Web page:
An Autonomous Car

How trusting are you feeling?

So, with only a month to go until 2019 (where has the time gone?), could next year be the year we finally see autonomous cars on our roads? It turns out this is true!  

 

They’ve been in development for a while now, so we at CarCliq thought why not discuss the pressing questions that may be swaying you from choosing an autonomous car?  

 

What Does Autonomous Driving Mean? 

Autonomous means it’s in control of itself, therefore in automotive terms, a car is able to sense it's environment and move with either little or no input from the driver. 

 

How Autonomous Driving Works 

Although, the automotive industry is still quite a way off of having no input from the driver – whereby we would simply choose our destination and sit back and enjoy the ride. Instead, new cars so far have a certain level of autonomy. It’s important to remember, as a legal requirement, you must keep your hands on the wheel at all times and have your eyes on the road.  

 

Autonomous Cars.jpg (264 KB)

 

An autonomous car nowadays has the help from sensors and cameras to ensure they’re always scanning the car’s surrounding areas to identify hazards, such as other vehicles, pedestrians, traffic lights or other road markings – this then indicates to the car how it should act accordingly.  

 

With the system implemented into the cars, the “brain” of it has the ability to learn and make decisions based on experience, just like us humans. This, therefore, means, instead of following a set programmed list of commands – it’s capable of conditioning to change of traffic conditions or unmapped roads.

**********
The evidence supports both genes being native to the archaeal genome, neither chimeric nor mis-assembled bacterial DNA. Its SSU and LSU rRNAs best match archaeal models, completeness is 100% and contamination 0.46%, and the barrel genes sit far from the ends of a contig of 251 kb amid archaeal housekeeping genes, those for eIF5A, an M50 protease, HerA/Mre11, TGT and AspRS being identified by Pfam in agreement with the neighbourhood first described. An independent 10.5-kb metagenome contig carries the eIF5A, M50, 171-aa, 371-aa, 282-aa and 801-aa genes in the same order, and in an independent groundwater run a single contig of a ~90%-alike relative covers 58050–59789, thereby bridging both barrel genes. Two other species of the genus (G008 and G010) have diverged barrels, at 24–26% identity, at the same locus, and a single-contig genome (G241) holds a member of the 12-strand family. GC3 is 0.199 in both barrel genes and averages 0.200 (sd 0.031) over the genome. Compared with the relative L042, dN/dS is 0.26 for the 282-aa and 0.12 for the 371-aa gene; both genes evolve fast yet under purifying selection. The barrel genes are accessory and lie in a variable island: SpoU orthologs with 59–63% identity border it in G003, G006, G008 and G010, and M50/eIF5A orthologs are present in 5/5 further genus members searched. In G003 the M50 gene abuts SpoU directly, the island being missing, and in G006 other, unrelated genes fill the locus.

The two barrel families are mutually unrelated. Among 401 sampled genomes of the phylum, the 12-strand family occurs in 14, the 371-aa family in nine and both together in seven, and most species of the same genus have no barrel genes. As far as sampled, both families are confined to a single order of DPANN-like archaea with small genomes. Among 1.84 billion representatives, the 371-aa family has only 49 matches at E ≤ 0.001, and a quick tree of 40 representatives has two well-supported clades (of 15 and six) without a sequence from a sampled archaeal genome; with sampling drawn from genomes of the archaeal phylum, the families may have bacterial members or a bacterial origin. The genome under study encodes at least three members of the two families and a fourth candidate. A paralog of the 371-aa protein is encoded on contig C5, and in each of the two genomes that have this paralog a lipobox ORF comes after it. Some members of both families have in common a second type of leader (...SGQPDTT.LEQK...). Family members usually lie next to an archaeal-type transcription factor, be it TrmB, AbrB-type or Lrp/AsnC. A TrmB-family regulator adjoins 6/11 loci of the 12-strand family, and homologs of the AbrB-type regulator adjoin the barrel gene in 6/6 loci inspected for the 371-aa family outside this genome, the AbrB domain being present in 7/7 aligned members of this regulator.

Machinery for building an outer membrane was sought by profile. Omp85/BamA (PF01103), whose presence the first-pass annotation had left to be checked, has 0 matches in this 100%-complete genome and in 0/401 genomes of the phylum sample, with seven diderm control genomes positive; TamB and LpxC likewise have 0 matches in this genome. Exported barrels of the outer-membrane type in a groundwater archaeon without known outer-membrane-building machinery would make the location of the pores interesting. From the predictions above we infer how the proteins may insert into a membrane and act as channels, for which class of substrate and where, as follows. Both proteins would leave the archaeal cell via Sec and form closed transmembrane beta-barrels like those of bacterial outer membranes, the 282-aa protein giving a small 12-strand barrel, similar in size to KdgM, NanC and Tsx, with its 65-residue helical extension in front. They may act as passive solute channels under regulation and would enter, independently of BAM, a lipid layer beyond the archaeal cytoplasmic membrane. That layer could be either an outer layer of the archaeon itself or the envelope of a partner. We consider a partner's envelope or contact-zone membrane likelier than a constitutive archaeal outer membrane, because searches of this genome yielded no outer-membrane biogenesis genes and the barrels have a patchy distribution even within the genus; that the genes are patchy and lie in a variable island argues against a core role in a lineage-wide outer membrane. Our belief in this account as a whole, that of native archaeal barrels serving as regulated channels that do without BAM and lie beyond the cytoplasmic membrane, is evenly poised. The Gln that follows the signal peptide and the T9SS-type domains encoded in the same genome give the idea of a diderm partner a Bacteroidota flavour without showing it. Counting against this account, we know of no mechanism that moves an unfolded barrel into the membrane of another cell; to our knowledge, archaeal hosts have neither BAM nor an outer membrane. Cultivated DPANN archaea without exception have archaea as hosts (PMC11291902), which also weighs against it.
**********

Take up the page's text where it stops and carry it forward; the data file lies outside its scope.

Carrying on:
What Autonomous Cars Are Available Now? 

Fully-autonomous cars aren’t exactly available yet, however, there are features of autonomous technology in current cars in the market, these including: 

  • Automatic emergency braking – this is quite a standard feature on most family cars, which uses radars to scan the road ahead and presses on the brakes if they sense a looming collision. 
  • Adaptive cruise control – this is also known as ACC or Radar Cruise Control, which sets a distance apart from you and the car in front. With the advantage of it reducing the stress of traffic jams as well as boosting safety at higher speeds. 
  • Lane-keep assist  If you’re a regular motorway driver, lane-keep assist is your helping hand. This aims to steer you gently back into your motorway lane if you start to drift. 
  • Parking assist – this technology is found mostly in high-spec popular models, which uses the mix of sensors and cameras to park the car by itself, by judging the size of space before steering in. The only thing the driver controls is the speed.  

 

The Levels oAutonomous Driving 

 

Level 1: The technology implemented helps the driver where one element is taken over in isolation, such as cruise control, but you still have full control of the car.  

 

Level 2: This is currently the stage we’re at today and what is accepted in the UK. This means the system takes over multiple functions from the driver and has the intelligence to use speed and the steering systems together using different data sources. 

Level 3: Currently, this mode is still being modified, but it allows all aspects of driving to be done for you. Although, the driver must still be focused to respond to a request if needed to intervene.

Level 4: This is something to be featured in the next decade, which will include cars being driven by themselves on pre-mapped roads.

Level 5: A completely autonomous car which will take you from A - B, with absolutely no input from the driver.

 

 

To conclude, is autonomous driving safe? It has been statistically proven, an autonomous car is much safer than standard cars with a human behind the wheel - due to the fact, a computer cannot become tired or get distracted by other factors, like a mobile phone or loud music.

 

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